Mohamed Rali Badissy, Senior Attorney for Energy and Finance, US Department of Commerce
Where do you see the opportunities for growth within energy in Africa in the next 5 years?
The combination of lower-cost renewable energy and flexible gas-fired generation may prove to be the most marketable solution to a low carbon energy market. Africa’s is uniquely positioned to take advantage of this emerging energy sector development strategy.
How important is the Gas-to-Power Africa Congress as a meeting platform for the industry and what are you most looking forward to at the show?
The Congress is a unique platform that brings together key actors in the gas market at the developer, financial and governmental level. I look forward to discussing critical issues in gas market growth and benefiting from these diverse perspectives.
How will regulatory and climate interests impact future natural gas supply and demand?
In many African markets, natural gas is a new commodity, either as a produced or imported resource. This will present a number of regulatory challenges since governments must prepare to develop capital-intensive gas infrastructure (import, processing, transport), structure and oversee gas markets and assist the transition of residential and industrial consumers to take advantage of this new source of energy.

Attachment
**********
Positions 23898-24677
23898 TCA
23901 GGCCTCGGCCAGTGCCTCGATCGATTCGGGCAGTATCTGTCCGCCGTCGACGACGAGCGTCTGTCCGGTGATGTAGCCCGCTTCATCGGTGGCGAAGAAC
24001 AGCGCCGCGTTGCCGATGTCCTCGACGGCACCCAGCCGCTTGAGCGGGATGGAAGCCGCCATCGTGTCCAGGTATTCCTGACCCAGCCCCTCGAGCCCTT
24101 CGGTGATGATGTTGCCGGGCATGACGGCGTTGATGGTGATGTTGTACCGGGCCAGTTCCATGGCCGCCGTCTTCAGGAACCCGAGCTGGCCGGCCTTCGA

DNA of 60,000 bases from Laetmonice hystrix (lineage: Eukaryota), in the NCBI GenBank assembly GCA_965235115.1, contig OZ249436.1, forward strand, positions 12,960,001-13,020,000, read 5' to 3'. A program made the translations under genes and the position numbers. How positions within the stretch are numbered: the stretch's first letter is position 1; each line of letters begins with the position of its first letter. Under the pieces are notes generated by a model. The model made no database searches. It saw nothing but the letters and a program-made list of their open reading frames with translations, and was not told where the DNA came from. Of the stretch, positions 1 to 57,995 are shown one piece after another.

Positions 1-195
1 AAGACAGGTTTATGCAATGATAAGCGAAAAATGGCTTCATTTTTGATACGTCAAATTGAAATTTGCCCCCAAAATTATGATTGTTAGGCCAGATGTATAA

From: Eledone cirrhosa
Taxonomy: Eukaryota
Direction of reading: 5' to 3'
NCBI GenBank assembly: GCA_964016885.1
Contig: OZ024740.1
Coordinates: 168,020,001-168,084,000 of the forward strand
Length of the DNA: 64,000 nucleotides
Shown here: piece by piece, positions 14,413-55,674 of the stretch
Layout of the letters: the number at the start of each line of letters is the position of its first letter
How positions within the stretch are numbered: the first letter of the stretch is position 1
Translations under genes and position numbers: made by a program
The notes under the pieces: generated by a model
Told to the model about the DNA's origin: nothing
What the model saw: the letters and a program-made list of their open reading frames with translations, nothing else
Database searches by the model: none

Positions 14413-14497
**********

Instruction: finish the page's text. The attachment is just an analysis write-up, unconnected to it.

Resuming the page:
MOHAMED RALI BADISSY
Mohamed Rali Badissy is the Senior Attorney for Energy and Finance with the Commercial Law Development Program (CLDP) in the Office of the General Counsel of the U.S. Department of Commerce. Mr. Badissy directs all CLDP technical assistance and advisory services related to facilitating foreign investment in energy, power and infrastructure projects including CLDP’s support for USAID’s Power Africa and the State Department’s Energy Governance and Capacity Initiative. Prior to joining CLDP, Mr. Badissy practiced with the International Dispute Resolution and Public International Law groups of Latham & Watkins LLP in New York and Dubai focusing on representing sovereigns in arbitrations involving transboundary disputes, upstream and downstream energy projects, expropriation, project finance and international trade. Mr. Badissy lives in Washington DC with his wife and two children.